When there are issues that directly impact company employees or customers, people are more willing to provide feedback. It's also possible that someone may already be working to find a solution to some of the problems you'll identify — which brings us to our next step.
3. Select key stakeholders who need to be involved.
Now that you've asked the right questions, you need to make sure that you involve the right people to help you carry out building your communication strategy.
If you're at a smaller organization, it's possible that you may be the only person you need on your team. However, for larger organizations, you'll most likely want to include a few of your co-workers to help you divide and conquer.
Selecting which individuals should be involved should directly relate to the biggest challenges you identified from your list of questions. If the most pressing challenge is customer-related, you may want to include someone from your organization's customer service or customer success team. If there's an issue about how a product or service is being advertised or sold, include a representative from your marketing or sales team.
You'll also want to make sure that appropriate leadership team members are aware and as involved as they need to be. This way, if you end up wanting to make any major company changes like purchasing a new tool or restructuring teams, leadership will already be aware of what's happening.
If your coworkers are maxed out and don't have the bandwidth to assist you, or the problems are more significant than expected, you may want to source an external agency or a consultant to assist your company. For instance, if you're addressing a major external communications crisis, you may consider contracting a PR agency.
Overall, use your best judgment to select who will be involved and make sure they're involvement ties directly into the specific challenges you've identified.
4. Understand your audience.
Understanding your audience is fairly simple. The audience is either internal (meaning your coworkers, and the company as a whole), external (meaning your customers, shareholders, etc.), or a combination of both.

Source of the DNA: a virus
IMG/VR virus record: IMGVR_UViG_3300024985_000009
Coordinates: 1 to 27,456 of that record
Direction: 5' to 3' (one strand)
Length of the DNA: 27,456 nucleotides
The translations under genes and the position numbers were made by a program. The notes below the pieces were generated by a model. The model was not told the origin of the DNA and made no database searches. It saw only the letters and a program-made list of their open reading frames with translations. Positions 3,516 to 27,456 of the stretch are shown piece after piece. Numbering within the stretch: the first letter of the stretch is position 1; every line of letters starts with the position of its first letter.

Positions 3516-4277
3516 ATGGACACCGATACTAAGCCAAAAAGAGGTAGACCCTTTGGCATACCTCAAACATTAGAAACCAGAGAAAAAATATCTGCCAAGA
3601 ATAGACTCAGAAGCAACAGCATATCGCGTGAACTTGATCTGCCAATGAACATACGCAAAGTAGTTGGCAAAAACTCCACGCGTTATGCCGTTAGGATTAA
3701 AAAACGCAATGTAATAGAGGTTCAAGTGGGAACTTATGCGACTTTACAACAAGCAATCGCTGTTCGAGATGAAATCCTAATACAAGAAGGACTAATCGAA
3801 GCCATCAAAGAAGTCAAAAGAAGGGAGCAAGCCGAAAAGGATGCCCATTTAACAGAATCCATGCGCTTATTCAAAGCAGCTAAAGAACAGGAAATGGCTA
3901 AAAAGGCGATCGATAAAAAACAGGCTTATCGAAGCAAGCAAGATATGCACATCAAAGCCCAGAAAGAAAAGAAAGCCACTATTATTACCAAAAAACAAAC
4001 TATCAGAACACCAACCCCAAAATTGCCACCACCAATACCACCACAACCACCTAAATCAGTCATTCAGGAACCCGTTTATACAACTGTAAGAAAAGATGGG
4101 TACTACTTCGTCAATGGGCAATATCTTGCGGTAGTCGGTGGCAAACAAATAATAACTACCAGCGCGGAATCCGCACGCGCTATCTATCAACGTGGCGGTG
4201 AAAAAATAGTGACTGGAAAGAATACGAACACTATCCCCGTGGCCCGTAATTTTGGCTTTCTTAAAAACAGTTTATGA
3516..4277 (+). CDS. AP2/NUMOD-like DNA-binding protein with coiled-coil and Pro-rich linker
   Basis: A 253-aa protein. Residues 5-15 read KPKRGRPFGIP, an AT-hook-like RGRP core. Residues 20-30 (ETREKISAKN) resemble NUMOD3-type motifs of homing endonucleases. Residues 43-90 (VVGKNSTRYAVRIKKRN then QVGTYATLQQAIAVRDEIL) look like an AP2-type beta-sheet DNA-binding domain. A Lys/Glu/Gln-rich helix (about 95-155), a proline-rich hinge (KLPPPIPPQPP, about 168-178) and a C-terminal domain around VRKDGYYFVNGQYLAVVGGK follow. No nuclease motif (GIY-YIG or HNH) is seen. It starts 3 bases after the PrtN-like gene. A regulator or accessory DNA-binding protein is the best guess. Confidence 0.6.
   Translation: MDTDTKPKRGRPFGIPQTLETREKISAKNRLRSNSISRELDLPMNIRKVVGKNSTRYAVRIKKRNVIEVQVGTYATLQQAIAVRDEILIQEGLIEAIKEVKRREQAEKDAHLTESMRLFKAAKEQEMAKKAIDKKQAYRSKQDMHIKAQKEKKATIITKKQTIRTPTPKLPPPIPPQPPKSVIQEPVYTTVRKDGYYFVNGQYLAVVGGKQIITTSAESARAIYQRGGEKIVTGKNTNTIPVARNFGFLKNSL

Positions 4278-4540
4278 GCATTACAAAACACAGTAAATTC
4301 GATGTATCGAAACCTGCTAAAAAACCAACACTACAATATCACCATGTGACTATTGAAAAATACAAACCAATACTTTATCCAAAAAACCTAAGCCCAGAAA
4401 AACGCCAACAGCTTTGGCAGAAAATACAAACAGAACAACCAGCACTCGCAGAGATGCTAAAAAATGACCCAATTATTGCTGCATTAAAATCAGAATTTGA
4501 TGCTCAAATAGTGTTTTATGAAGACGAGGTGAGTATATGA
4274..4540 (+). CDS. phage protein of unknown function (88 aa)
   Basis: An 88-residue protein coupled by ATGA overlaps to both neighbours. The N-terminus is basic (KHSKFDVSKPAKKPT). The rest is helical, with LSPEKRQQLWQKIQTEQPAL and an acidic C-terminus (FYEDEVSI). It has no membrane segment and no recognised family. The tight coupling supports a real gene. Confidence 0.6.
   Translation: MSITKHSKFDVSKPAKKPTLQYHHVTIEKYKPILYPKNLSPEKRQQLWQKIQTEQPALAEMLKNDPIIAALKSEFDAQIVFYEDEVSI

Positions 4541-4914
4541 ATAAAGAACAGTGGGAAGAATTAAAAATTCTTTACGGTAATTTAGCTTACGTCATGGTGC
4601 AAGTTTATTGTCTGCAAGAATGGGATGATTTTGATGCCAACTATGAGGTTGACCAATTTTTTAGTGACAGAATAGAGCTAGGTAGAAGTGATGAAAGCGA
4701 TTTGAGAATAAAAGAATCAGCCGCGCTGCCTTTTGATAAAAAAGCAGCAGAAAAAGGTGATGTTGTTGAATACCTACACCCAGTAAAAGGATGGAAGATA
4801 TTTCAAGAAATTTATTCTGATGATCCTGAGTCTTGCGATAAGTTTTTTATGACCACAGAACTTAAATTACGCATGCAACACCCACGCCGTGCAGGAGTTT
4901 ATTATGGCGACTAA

It's important to take the time to thoroughly understand who your audience is so you're truly speaking to them in a way that will be well-received. Once you know who your audience is, you'll be able to use audience insights to inform all stages of development for your communication strategy.
5. Brainstorm your ideal results, and then work backwards.
This is when you use all of the information that you've gathered to propose what your ideal outcome will be. This is a high-level goal that will be achieved through the implementation of a well thought-out plan.
If your business has struggled with communication regarding events, an ideal result could be improving internal alignment and providing clarity for customers.
Alternatively, if you find that employees at your company feel it's difficult to voice their ideas or opinions, your goal might be ensuring all employees feel heard by developing a specific feedback system.
Whatever you specify as your ideal result, keep it simplified so it can be easily understood by anyone. It should carry weight because you're addressing challenges, but it shouldn't be too complex, either. Think of it as the central mission or vision statement of your communication strategy. The details will come after.
Developing an effective strategy is a process and may take a few different tries before you figure out what works best. However, it's a necessary investment to ensure you're clearly communicating the best way possible.